I think many of us try and be mindful about how we stay informed these days. The news can be relentless and mostly difficult and it’s a real challenge to absorb the news without it impacting our outlook. I’ve got 3 sources I rely on regularly for information and they are . . .
Heather Cox Richardson’s daily email, Letters from An American. She’s an historian and author and her calm and straightforward reporting and analysis of politics is incredible.
The New York Times. I get email digests of stories daily. Sometimes I click the links and read more and sometimes I just read the headlines, depending on how much energy I’ve got for consuming information.
Up First is a daily podcast from NPR and I listen to it every morning while I’m doing my hair and makeup. It’s less than 15 minutes long and it keeps me informed on national as well as global news. It’s easy to digest and doesn’t overwhelm me with too much information.
And that’s the quick and dirty on how I handle keeping up with the news. If you wrote a post for today, please include your link below.
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Mary K. in Rockport says
I also rely on the first two (with a smattering of WaPo) and will give #3 a try. I can also recommend Dan Rather’s “Steady” which is more commentary than news – and is wonderful.
Local paper because local news matters. Washington Post because I feel like while NYT does some good work they used terrible ethics to get access to the previous administration and kind of failed their national readership that doesn’t live in NYC with their coverage of TFG before he was elected. NPR because they tend to have well seasoned reporters who aren’t trying to show how cute they are like some of our local news readers. Thanks for this, I’ll be popping back to see the comments later today because you have a thoughtful readership.
I feel it’s important to stay informed, but it’s also very easy to get overwhelmed. I typically watch the news (local and national) over breakfast and during dinner, so I get a general sense of the big stories locally, nationally, and internationally. I also follow NPR on Twitter so that I can skim the headlines throughout the day. I don’t often click on links to read the full story because in most cases the headline alone is enough to get the gist of what’s happening.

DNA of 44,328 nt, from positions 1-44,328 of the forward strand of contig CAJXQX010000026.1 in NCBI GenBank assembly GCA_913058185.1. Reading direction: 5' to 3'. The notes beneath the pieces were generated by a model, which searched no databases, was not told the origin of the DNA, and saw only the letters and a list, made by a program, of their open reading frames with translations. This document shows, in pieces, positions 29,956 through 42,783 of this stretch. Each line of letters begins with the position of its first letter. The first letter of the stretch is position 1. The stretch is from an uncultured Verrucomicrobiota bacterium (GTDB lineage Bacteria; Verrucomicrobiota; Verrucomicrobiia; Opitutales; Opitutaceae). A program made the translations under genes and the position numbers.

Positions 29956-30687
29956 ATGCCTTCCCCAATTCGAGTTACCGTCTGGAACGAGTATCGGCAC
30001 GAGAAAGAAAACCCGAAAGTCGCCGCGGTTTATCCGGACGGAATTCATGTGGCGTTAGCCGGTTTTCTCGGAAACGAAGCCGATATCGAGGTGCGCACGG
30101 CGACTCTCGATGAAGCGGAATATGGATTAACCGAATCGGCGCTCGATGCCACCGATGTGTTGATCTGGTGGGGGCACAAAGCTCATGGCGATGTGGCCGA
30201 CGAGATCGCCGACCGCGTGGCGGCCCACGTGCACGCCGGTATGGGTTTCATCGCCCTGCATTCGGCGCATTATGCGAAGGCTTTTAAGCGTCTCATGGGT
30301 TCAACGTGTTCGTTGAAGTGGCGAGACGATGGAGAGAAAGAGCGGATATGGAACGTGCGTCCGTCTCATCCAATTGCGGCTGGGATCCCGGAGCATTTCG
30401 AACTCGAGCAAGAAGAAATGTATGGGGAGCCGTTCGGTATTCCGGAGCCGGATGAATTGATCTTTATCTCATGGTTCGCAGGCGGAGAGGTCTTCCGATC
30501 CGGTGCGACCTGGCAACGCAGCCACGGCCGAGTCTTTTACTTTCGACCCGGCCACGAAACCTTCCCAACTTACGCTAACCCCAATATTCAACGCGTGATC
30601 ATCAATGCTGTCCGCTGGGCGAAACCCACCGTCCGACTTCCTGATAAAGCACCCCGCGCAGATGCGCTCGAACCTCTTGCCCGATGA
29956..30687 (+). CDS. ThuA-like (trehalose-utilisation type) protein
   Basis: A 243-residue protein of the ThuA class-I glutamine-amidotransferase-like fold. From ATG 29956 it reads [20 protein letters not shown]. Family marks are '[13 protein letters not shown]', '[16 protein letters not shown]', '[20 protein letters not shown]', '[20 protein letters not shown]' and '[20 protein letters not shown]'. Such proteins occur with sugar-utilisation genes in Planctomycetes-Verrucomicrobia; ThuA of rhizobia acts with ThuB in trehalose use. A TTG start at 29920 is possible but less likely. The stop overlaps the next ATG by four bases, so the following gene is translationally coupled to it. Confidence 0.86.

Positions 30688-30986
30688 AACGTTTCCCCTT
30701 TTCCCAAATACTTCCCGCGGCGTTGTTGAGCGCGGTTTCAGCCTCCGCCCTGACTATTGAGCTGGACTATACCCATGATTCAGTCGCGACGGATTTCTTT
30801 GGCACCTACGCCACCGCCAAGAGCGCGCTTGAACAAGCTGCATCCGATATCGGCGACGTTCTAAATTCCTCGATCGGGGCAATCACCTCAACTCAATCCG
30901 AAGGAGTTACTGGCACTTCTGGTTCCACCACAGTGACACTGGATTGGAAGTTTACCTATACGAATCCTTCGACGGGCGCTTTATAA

What’s been working for me is checking the NPR website, occasionally BBC, and sometimes WaPo. I take a look at The New Yorker and The Atlantic websites when I feel the need for analysis and something beyond the usual daily headlines. I try not to spend more than 10-15 minutes on news because it’s very easy to get overwhelmed.
I don’t watch the news (have not for years), but Fletch watches a lot of news shows and fills me in on anything critical. We also usually have the classical & jazz music station playing on the radio and they have the NPR news breaks.
I rely on NYT and Axios emails, and SharonSaysSo on Instagram. So many folks have a short podcast in their morning routine but I can’t seem to get into that habit.
Thanks for the recommendations, Carole. I am going to try them. I rely on NPR, Google News, and PBS, along with the local news. It is so important to get news from a valid source these days that is not totally biased in their reporting. I haven’t found anyone better than PBS and NPR. I do look at a few daily newsletters, but I am evaluating them for their worth. They are often just a repeat of the headlines.
I tend to put on the local news for a little while after work for weather and anything going on in the State. I follow Jessica Yellin on Instagram. I also get Dan Rather’s daily email. I get the Heather Cox Richardson email but most days I delete without reading as I just don’t want to know anything else.
Excellent suggestions, Carole. I am a huge fan of Up First in my morning routine as well. And we subscribe to the WaPo (versus NYTimes) and these days I scan the headlines versus reading every article. It can just be all too much… I agree!